For CUs, What To Make Of New 'CRA' Plan?

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Credit unions are not sure what to make of NCUA's latest effort to measure community reinvestment by credit unions. They wonder whether the NCUA initiative will be adequate in providing meaningful data to Congress, and most of all, whether it's necessary.

But the truth is nobody likes it.

NCUA is shying away from using the "community reinvestment" terminology that has toxic implications for credit unions. It conjures up visions of the Community Reinvestment Act, something credit unions have fought for years. It also reminds people of a controversial initiative launched by former NCUA Chairman Norm D'Amours, called Community Action Plan, known in many circles as "CRA-lite." So NCUA is calling the new effort a Community Service Program. Get it?

Meantime, the White House put a temporary halt to the program last week when it notified NCUA they had to issue it for public comment before enacting it. So NCUA set an extraordinarily short comment period-just five days, Feb. 23-Feb. 28. Still, the public comments are expected to delay the data collection for some time.

The worry among some in the credit union movement-NAFCU has already weighed in against it-is that by using data from NCUA's automated examination program, AIRES, the program will do little more than measure the income levels of borrowers, something both the National Community Reinvestment Coalition and the Woodstock Institute used to conclude that credit unions were not providing adequate services to the underserved. But as one trade association executive told us, there is much that the AIRES data does not properly measure, such as deposits, for one thing. Or special programs such as check cashing, payday lending or financial education that have proliferated in the credit union movement in recent years, specifically with the goal of serving the underserved. Then there's field of membership. Not every credit union is authorized to serve what may be considered underserved communities.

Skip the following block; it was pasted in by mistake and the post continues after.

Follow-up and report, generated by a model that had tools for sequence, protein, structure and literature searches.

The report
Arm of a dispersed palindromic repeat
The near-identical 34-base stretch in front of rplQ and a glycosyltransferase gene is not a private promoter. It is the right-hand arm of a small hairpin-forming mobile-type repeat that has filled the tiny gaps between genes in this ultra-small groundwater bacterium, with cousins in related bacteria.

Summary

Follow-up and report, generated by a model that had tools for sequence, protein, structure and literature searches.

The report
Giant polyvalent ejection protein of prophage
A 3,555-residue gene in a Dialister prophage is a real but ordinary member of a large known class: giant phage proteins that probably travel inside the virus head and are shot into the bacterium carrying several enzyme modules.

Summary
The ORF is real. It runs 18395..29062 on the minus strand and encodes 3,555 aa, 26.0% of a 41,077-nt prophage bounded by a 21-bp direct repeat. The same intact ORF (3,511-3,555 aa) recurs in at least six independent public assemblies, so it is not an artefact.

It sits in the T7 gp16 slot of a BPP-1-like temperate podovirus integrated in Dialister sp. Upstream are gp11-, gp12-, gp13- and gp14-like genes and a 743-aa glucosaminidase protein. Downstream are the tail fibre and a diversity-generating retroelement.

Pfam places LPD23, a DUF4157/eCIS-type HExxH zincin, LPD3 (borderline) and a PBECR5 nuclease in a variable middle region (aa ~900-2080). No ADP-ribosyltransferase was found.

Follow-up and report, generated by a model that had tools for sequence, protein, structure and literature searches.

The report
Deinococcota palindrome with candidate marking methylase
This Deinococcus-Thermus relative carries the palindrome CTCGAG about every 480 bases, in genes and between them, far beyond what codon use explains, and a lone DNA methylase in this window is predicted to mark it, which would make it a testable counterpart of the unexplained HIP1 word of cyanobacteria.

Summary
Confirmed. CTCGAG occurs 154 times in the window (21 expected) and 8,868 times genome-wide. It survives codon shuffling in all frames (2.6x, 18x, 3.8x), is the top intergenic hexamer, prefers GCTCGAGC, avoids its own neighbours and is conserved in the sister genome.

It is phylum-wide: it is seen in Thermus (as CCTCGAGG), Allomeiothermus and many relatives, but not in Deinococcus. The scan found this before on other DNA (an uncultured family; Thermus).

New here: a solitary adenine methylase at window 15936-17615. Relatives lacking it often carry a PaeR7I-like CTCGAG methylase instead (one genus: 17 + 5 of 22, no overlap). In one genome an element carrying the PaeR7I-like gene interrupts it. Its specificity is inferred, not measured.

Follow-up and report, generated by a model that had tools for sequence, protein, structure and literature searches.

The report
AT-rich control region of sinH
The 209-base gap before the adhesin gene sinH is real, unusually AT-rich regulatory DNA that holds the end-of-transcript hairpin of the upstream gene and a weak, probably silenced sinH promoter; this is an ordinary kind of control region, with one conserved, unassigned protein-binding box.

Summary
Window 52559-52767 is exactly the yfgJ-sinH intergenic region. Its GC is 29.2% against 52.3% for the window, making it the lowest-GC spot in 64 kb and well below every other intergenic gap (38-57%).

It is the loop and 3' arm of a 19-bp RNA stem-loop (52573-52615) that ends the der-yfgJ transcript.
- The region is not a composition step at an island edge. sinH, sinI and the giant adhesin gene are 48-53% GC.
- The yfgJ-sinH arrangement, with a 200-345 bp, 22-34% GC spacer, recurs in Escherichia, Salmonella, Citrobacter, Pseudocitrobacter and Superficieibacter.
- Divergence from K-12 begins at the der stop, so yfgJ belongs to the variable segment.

The Credit Union Journal's Ed Roberts can be reached at 202-434-0334, or at eroberts cujournal.com.

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